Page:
This Selected Issues paper focuses on long-term impact of Brexit on the European Union (EU). This paper examines consequences of Brexit on the EU27 under various post-Brexit scenarios by using two different complementary approaches. Our results, which are broadly in line with recent findings in the literature, are twofold. First, Brexit would have negative effects on the EU27 as well, given the depth and the complexity of the EU-U.K. integration. Similar to various empirical studies, it has been observed that the estimated long-term output and employment losses (in percent) for the EU27 in the study are on average lower than the corresponding losses for the UK estimated in the literature. The level of output and employment are estimated to fall at most by up to 1.5 percent and 0.7 percent in the long run in the event of a ‘hard’ Brexit scenario, respectively. A “soft” Brexit outcome would lead to much lower losses.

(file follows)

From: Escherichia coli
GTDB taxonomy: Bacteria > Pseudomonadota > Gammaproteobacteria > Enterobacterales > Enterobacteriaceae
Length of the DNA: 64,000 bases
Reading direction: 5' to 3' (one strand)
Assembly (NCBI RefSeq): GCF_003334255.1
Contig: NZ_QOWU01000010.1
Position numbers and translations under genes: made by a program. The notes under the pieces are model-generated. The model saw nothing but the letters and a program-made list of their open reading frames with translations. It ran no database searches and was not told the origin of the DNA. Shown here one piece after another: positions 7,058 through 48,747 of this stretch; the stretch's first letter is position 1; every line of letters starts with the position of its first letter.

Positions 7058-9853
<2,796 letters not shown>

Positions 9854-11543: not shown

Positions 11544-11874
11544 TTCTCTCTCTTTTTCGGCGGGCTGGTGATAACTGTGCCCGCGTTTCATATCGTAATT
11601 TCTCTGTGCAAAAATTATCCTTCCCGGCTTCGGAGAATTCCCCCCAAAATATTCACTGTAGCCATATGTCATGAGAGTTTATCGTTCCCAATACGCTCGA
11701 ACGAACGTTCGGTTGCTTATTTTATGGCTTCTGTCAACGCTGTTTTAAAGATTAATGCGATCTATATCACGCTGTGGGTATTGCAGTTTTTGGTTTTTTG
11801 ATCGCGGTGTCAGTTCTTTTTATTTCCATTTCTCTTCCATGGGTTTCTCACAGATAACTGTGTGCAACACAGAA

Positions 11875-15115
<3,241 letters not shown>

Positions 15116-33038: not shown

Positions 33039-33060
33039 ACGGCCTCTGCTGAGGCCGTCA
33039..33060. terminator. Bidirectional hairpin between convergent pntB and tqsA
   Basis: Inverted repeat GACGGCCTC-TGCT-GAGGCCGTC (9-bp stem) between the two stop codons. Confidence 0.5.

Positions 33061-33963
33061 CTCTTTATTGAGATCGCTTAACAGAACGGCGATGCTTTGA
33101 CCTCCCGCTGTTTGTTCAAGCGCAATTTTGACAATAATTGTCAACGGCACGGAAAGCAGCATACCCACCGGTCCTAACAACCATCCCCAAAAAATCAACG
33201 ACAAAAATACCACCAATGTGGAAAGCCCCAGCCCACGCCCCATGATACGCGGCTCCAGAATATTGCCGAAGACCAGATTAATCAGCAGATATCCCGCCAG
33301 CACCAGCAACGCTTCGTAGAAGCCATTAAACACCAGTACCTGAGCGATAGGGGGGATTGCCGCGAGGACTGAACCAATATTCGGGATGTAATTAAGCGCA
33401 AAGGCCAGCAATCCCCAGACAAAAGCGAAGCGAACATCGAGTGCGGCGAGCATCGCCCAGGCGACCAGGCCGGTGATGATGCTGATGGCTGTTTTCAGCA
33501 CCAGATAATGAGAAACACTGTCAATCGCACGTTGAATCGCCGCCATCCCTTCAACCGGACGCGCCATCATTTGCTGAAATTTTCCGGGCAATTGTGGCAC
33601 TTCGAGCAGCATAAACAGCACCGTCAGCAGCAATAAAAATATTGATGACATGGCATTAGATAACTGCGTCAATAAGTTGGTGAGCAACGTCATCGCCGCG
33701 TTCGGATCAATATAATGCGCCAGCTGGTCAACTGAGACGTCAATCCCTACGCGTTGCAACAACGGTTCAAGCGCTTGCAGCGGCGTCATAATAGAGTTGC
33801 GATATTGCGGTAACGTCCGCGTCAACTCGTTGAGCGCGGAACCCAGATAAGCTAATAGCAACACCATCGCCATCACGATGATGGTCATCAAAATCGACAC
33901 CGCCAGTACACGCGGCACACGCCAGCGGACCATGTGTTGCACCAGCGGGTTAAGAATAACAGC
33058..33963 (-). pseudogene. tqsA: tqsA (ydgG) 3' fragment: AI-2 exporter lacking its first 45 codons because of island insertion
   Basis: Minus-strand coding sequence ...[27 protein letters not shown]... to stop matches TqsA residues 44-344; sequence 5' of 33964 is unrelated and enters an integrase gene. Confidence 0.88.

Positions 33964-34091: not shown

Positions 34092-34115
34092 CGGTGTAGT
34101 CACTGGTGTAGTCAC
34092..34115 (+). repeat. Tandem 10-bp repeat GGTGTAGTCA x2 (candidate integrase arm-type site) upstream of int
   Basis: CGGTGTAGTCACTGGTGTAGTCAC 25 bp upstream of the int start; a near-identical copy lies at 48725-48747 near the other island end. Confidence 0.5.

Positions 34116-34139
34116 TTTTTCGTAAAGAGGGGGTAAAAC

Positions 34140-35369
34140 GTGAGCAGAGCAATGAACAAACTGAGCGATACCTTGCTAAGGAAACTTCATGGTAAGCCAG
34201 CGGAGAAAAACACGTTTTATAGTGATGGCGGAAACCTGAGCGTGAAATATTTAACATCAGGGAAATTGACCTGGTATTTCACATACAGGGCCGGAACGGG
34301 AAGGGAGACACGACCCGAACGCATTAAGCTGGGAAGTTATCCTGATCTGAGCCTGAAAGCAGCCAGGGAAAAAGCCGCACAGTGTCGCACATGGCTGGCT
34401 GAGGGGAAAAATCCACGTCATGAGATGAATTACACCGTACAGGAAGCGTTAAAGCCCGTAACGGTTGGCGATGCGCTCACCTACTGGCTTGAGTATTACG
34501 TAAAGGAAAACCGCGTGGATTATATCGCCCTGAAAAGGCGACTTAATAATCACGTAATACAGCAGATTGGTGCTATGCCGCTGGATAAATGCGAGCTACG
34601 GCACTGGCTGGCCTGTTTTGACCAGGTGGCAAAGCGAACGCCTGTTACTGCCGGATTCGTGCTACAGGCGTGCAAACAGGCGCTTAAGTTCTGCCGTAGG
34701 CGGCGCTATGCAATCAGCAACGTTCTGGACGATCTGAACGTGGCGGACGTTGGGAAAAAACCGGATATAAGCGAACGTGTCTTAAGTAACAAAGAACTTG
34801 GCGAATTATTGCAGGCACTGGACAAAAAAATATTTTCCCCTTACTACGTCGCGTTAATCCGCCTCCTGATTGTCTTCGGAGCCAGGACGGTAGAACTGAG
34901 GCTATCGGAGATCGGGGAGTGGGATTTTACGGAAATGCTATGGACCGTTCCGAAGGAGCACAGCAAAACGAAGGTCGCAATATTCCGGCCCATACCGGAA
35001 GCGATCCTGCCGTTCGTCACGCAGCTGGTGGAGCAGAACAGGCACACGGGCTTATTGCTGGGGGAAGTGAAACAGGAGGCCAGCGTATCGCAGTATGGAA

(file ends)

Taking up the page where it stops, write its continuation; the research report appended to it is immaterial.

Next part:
the U.K. (more than 170 percent of GDP in the case of Luxembourg and 58 percent of GDP in the case of Ireland).
4. Migration flows between the euro area and the U.K. are small, except for some countries with historical ties to the U.K . The number of U.K. migrants living in the euro area is small relative to the euro area population, but has increased somewhat over time. The euro area has traditionally been a net sender of migrants to the U.K. for all skill levels, with a total balance of about 0.1 percent of the euro area population as of 2010. The number of